Dimensional analysis

This series of articles takes a detailed look at dimensional analysis, an important and surprisingly subtle branch of mathematical physics. We can determine a lot about a physical system by examining the units of measurement that we use to describe it, often without needing to perform difficult calculations.

Starting from an intuitive description of the project of dimensional analysis, we build to a derivation of its central theorem: the Buckingham Pi theorem. We then show how one can automate the computation of the central quantities in a dimensional analysis problem. Along the way, we look at a number of examples and historical episodes.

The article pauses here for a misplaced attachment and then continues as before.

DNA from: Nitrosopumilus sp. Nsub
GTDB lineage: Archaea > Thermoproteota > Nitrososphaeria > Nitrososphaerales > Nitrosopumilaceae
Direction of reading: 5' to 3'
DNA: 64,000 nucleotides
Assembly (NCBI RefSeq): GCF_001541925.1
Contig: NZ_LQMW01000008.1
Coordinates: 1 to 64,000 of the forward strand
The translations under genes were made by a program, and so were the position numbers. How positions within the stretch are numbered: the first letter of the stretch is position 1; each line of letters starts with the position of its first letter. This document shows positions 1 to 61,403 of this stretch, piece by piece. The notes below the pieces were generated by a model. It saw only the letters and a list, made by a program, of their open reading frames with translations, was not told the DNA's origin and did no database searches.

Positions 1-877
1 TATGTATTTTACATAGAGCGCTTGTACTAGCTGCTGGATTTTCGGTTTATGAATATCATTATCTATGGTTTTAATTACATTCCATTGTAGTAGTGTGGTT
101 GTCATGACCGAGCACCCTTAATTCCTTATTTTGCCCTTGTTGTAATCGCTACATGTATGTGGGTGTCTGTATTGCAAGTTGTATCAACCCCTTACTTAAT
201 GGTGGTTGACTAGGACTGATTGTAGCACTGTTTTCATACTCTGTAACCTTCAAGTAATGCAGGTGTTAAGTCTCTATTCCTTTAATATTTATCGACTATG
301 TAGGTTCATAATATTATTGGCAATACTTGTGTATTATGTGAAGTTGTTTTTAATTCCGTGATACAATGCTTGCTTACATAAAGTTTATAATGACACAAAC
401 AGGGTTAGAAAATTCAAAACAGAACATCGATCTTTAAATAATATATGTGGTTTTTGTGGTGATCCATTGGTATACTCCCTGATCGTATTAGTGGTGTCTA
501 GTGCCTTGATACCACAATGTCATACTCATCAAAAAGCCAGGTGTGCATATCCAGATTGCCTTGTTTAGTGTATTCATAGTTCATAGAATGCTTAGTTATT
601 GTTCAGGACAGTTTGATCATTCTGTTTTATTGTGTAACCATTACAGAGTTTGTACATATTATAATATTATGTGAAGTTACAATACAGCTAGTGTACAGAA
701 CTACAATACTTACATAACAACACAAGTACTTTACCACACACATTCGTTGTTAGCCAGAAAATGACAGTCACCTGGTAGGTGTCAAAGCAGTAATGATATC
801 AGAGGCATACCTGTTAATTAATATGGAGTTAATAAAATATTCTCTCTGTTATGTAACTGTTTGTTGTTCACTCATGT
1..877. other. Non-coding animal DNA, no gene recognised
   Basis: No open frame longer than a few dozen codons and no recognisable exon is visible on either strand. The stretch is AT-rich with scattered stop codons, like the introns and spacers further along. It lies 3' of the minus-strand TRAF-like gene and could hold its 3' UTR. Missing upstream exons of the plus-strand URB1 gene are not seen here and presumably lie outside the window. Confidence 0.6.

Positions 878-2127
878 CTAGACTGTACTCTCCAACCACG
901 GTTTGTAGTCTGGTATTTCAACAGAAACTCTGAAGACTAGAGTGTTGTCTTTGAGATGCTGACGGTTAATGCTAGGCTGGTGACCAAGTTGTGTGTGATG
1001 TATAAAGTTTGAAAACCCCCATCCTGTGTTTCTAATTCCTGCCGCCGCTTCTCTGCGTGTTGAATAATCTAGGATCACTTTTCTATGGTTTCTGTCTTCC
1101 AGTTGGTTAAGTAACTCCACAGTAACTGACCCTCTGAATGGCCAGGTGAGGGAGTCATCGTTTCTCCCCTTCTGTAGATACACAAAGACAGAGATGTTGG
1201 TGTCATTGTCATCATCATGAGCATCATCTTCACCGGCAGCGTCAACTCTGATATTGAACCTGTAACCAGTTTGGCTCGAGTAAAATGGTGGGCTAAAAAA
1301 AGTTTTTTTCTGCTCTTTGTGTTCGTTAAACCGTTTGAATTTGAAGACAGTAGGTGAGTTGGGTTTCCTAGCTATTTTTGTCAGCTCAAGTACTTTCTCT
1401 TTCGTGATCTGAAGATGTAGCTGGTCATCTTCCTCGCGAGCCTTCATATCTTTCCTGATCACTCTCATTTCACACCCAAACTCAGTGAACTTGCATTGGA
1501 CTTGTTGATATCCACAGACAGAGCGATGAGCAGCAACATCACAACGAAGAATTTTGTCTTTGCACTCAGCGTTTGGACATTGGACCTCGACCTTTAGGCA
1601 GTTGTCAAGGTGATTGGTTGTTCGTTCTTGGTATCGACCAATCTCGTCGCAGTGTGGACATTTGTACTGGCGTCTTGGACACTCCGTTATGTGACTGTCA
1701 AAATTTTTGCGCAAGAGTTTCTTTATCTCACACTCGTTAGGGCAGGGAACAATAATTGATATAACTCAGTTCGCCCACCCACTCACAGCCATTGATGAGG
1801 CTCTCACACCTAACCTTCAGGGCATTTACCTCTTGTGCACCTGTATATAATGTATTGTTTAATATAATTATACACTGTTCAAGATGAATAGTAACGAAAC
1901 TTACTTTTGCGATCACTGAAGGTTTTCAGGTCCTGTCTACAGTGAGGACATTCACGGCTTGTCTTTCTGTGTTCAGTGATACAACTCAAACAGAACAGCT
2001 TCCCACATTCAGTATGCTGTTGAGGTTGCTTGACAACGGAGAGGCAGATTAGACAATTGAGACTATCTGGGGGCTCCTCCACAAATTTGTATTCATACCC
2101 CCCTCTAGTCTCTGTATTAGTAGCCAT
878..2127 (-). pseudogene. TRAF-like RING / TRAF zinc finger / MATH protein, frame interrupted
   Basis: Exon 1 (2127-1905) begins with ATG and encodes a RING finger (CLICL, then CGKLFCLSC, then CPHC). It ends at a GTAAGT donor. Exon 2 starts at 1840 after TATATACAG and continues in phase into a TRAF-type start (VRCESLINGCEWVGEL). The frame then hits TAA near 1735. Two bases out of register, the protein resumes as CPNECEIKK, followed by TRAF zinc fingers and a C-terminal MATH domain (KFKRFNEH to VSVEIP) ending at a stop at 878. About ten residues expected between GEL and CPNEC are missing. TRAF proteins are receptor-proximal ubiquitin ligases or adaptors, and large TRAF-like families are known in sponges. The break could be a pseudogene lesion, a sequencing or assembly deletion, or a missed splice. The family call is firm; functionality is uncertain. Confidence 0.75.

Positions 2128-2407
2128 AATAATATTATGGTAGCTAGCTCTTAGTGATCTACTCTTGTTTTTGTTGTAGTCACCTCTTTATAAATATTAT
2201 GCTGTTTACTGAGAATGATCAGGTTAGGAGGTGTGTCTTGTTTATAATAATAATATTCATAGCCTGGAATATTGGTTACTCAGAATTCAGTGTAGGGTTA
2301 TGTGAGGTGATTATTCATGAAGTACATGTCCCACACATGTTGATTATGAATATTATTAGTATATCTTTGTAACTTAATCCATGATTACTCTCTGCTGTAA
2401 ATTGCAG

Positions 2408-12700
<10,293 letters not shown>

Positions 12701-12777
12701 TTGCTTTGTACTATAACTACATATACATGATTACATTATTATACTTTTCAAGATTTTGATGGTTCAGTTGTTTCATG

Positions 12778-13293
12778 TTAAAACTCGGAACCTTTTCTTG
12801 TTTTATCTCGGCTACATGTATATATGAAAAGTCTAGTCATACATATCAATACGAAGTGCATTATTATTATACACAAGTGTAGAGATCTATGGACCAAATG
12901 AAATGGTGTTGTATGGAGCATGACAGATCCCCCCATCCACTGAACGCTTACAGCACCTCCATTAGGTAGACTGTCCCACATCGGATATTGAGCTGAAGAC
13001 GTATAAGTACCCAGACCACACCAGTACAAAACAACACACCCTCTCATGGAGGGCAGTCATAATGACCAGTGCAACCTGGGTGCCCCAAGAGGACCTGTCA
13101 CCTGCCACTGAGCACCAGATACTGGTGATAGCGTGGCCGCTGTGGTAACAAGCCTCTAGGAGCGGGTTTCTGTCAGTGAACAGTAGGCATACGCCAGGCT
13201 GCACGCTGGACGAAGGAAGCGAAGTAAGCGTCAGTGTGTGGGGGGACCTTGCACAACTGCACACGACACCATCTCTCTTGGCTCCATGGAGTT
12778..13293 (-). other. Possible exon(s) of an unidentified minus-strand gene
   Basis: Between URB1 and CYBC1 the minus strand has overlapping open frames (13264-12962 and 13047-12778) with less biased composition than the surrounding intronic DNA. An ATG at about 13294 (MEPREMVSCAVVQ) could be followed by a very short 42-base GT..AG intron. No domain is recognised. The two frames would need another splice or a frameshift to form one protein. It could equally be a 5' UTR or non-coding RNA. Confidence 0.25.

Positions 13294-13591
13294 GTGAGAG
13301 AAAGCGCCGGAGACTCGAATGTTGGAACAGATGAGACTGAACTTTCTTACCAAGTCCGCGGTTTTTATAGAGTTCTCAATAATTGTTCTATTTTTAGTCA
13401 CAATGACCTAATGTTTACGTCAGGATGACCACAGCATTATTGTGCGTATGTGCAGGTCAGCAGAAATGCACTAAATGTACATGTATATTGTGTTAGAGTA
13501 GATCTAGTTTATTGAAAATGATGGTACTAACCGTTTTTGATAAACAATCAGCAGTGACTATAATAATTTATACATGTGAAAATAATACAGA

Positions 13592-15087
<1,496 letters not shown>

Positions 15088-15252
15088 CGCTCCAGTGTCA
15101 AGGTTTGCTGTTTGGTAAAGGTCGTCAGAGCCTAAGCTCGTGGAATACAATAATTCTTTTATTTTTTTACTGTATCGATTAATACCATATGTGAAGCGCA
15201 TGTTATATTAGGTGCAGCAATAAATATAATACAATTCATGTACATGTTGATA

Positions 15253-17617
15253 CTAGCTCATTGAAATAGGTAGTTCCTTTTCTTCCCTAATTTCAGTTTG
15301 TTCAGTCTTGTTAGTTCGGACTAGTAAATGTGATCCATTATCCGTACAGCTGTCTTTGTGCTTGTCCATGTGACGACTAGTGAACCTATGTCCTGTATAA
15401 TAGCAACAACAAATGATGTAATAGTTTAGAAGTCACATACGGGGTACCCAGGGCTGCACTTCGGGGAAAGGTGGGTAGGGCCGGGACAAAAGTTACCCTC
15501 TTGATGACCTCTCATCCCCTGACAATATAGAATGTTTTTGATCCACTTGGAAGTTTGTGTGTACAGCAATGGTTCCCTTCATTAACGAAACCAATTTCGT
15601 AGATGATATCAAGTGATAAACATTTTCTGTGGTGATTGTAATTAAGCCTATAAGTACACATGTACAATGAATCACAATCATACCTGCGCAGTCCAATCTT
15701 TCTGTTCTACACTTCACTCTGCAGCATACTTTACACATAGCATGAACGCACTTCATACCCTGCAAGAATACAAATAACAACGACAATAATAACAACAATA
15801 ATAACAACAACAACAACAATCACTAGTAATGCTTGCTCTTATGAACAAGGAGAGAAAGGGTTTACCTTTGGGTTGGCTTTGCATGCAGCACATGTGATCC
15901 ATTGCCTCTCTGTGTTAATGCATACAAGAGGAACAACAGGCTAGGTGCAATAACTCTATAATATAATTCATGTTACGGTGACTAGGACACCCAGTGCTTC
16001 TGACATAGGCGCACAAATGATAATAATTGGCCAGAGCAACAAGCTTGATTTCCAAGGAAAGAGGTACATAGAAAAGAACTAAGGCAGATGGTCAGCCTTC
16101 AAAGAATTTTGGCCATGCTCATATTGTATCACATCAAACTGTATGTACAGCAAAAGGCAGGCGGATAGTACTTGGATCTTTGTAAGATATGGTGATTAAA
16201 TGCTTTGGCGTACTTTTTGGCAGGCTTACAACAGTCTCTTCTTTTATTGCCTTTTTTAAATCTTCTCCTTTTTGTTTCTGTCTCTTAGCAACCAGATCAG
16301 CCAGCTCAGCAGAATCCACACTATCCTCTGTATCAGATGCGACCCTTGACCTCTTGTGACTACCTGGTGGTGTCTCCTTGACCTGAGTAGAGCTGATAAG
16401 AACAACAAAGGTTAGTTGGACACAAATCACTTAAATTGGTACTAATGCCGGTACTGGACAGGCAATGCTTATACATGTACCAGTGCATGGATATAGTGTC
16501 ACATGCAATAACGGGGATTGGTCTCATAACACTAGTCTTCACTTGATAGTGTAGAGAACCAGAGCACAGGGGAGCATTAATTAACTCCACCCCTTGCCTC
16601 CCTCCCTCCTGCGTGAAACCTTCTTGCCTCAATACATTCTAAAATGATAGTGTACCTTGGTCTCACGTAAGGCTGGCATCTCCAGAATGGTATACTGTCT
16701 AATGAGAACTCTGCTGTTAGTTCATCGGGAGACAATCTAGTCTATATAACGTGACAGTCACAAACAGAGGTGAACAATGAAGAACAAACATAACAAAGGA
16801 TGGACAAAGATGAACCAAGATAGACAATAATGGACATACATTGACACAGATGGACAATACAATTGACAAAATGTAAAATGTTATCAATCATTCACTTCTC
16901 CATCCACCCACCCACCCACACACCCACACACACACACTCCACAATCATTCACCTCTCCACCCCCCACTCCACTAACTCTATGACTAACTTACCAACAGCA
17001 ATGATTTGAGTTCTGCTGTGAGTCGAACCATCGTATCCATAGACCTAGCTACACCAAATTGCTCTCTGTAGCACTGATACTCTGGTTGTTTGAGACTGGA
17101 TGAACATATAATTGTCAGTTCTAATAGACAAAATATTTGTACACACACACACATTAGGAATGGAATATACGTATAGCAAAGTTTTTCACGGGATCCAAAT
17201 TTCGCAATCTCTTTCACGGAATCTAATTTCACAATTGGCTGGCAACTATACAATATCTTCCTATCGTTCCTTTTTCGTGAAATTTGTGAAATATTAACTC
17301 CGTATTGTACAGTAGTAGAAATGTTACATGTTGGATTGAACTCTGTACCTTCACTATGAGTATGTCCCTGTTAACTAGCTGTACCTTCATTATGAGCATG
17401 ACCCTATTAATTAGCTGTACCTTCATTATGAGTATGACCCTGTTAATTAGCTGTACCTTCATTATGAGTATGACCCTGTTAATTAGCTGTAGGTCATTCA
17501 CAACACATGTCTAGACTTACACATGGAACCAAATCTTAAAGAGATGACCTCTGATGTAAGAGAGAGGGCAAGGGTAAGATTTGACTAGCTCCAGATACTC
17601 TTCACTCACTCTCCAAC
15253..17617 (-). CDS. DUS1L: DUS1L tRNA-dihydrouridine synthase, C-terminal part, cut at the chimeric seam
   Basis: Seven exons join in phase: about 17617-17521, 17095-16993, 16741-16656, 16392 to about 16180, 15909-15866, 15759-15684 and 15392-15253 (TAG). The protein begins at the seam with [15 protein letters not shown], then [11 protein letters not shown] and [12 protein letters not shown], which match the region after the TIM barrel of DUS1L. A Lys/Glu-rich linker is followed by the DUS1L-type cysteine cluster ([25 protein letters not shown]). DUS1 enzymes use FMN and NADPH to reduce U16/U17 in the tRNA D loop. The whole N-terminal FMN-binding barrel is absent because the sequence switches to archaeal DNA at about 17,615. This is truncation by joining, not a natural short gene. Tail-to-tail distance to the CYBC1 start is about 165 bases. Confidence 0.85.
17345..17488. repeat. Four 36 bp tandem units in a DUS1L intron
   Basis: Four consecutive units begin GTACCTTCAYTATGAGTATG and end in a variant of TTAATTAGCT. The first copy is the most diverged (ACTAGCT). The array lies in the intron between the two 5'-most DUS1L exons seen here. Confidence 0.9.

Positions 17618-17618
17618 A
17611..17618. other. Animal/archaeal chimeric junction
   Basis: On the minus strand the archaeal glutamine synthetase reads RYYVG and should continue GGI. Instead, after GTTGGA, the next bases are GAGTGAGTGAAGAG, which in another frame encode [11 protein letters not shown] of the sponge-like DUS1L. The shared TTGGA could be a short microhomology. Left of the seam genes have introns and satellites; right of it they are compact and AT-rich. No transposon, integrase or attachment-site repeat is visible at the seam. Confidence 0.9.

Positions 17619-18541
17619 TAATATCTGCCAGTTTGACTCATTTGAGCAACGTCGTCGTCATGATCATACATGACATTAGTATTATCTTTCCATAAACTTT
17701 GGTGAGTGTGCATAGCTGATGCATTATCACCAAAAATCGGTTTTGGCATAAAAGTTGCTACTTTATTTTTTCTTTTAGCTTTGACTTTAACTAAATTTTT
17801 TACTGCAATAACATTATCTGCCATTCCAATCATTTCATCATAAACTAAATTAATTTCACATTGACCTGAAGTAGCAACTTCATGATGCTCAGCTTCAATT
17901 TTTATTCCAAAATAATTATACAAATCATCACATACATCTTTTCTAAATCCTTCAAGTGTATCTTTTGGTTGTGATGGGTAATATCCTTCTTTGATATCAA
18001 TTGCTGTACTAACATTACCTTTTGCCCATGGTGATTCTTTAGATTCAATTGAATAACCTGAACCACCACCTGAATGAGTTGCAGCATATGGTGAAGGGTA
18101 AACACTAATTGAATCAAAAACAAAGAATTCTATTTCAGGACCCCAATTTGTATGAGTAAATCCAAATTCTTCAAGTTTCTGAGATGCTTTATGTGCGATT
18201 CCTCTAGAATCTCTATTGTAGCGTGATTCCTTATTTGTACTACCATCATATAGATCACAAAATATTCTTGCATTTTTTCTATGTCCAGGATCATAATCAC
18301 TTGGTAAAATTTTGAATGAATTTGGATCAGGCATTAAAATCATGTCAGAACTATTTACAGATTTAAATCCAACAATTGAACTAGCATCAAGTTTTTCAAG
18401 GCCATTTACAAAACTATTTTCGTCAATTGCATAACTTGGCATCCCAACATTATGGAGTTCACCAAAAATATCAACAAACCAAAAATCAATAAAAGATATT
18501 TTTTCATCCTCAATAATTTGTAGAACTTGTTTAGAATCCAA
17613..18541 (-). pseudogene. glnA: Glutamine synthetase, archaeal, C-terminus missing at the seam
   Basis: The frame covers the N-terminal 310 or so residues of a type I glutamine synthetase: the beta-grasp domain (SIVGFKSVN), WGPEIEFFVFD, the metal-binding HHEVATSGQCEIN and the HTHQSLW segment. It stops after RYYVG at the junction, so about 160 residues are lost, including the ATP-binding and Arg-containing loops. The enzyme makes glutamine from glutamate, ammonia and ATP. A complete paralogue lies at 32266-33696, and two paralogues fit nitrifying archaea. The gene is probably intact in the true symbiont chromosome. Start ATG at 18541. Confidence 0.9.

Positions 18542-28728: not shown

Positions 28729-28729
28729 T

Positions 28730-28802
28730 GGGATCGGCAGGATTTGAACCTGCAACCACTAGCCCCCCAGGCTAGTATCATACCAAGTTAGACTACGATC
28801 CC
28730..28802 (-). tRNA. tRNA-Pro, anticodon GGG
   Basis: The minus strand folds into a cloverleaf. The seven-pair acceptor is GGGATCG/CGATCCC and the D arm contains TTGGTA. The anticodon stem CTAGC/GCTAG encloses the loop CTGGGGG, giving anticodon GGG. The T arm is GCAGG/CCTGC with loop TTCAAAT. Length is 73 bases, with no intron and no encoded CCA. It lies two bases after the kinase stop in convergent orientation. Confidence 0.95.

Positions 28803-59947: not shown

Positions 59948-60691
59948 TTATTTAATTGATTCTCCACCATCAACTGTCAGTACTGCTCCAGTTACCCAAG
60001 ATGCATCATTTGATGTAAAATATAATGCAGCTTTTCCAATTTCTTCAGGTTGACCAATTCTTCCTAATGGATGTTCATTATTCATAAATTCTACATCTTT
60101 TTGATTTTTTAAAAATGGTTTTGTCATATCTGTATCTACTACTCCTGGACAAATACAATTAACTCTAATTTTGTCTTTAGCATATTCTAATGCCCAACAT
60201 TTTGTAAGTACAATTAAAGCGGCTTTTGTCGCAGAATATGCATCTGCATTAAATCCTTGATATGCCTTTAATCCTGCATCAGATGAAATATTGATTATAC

1. Introduction to dimensional analysis


  2. Nondimensional numbers and the Buckingham Pi theorem


  3. Linear algebra and the Buckingham Pi theorem

    \begin{equation*} p = n-k \end{equation*}


  4. Automated dimensional analysis


  5. Ultriviolet catastrophe and the beginning of quantum mechanics